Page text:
New Exhibitions

Opening Friday 2 September 6-8pm

Artist Talks Saturday 17 September from 3pm

Gallery One

Joannou/Cahill

Red Herring

Red Herring ImagesPollyxenia Joannou and Anthony Cahill have been friends and colleagues for the past three and a half decades and despite being in close contact/discourse over this time, they have never brought their practices together in a collaborative fashion.

So, during regular discussions about their work and where each artist saw their work to be heading, it was decided that they should work on a collaboration called Red Herring.

The aim of this collaboration was to explore what they surmised to be the similarities of each other’s work when exhibited side by side having been sight unseen by the other. It was decided that a theme could be used to give connection, a starting point for the exhibition. This connection was to be based on the subject of shadow as both artists felt an affinity to this as a concept and hence, Red Herring was born.

Joannou and Cahill settled on a format, proceeded to their studios and over the past 12 months, have produced this body of work.

Gallery Two

Kendal Heyes

Polynesia

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Kendal Heyes’ paintings connect to visual experiences associated with Polynesia, in particular, the paintings on velvet of Polynesian women by Edgar Leeteg, popular in the 1930’s and 40’s, and tapa cloth works, especially the freehand works from Samoa and Niue.

These paintings take from both Leeteg and the Polynesian artists an emphasis on optical effects as an aspect of painting. And like the tapa cloth works they take the form Rosalind Krauss identifies as centripetal grids: ‘Concentrating on the surface of the work as something complete and internally organized,’ each work consists of a series of departures and variations of the grid that frames it.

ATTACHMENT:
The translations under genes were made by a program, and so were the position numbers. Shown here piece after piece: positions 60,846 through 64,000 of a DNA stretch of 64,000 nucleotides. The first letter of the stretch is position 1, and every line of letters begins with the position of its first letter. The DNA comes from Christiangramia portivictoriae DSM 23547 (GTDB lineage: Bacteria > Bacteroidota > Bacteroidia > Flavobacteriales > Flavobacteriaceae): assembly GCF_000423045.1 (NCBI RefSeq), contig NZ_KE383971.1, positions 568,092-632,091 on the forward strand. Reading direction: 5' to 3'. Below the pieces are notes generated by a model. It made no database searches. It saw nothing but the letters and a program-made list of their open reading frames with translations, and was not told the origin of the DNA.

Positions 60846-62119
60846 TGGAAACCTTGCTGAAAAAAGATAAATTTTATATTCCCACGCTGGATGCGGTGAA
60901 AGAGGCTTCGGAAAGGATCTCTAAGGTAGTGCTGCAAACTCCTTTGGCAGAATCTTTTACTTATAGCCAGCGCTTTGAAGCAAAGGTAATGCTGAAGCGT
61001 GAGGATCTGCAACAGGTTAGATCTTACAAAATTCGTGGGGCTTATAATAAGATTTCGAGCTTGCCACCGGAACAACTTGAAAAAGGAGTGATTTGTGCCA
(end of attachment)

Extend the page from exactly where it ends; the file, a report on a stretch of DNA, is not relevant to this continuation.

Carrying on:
The Cranny

Francesca Mataraga

stripes and banners

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‘stripes and banners’ presents documentation and artefacts from a series of  painting and sculpture projects from 2012 onward.

These works differ in scale, scope and delivery quite broadly but are all based on a set of stripe motifs sourced from a series of fabric patterns. Each work was created for or adapted to a specific site or location and explores different ways of using the stripe motif. Some works are large-scale site-specific paintings or murals, other works are sculptural using domestic architecture – specifically the fence as a visual and physical mode of delivery. Further works have evolved into large-scale banners, literally becoming spatial paintings. All the works function as expanded or spatial paintings, situating the stripe motif in the landscape or in relation to existing architecture where the work in-situ is just as important as it’s photographic image.

Deep Space

Mog&Mog

Future self

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Mog&Mog are multi-disciplinary artists Alexandra Edmondson and Kate Fennell. As a creative partnership encompassing art, design, writing and film-making, they are interested in exploring perceptions of self and marginality of identity. Their new show, Future selfis an immersive installation exploring the formation of identity through storytelling.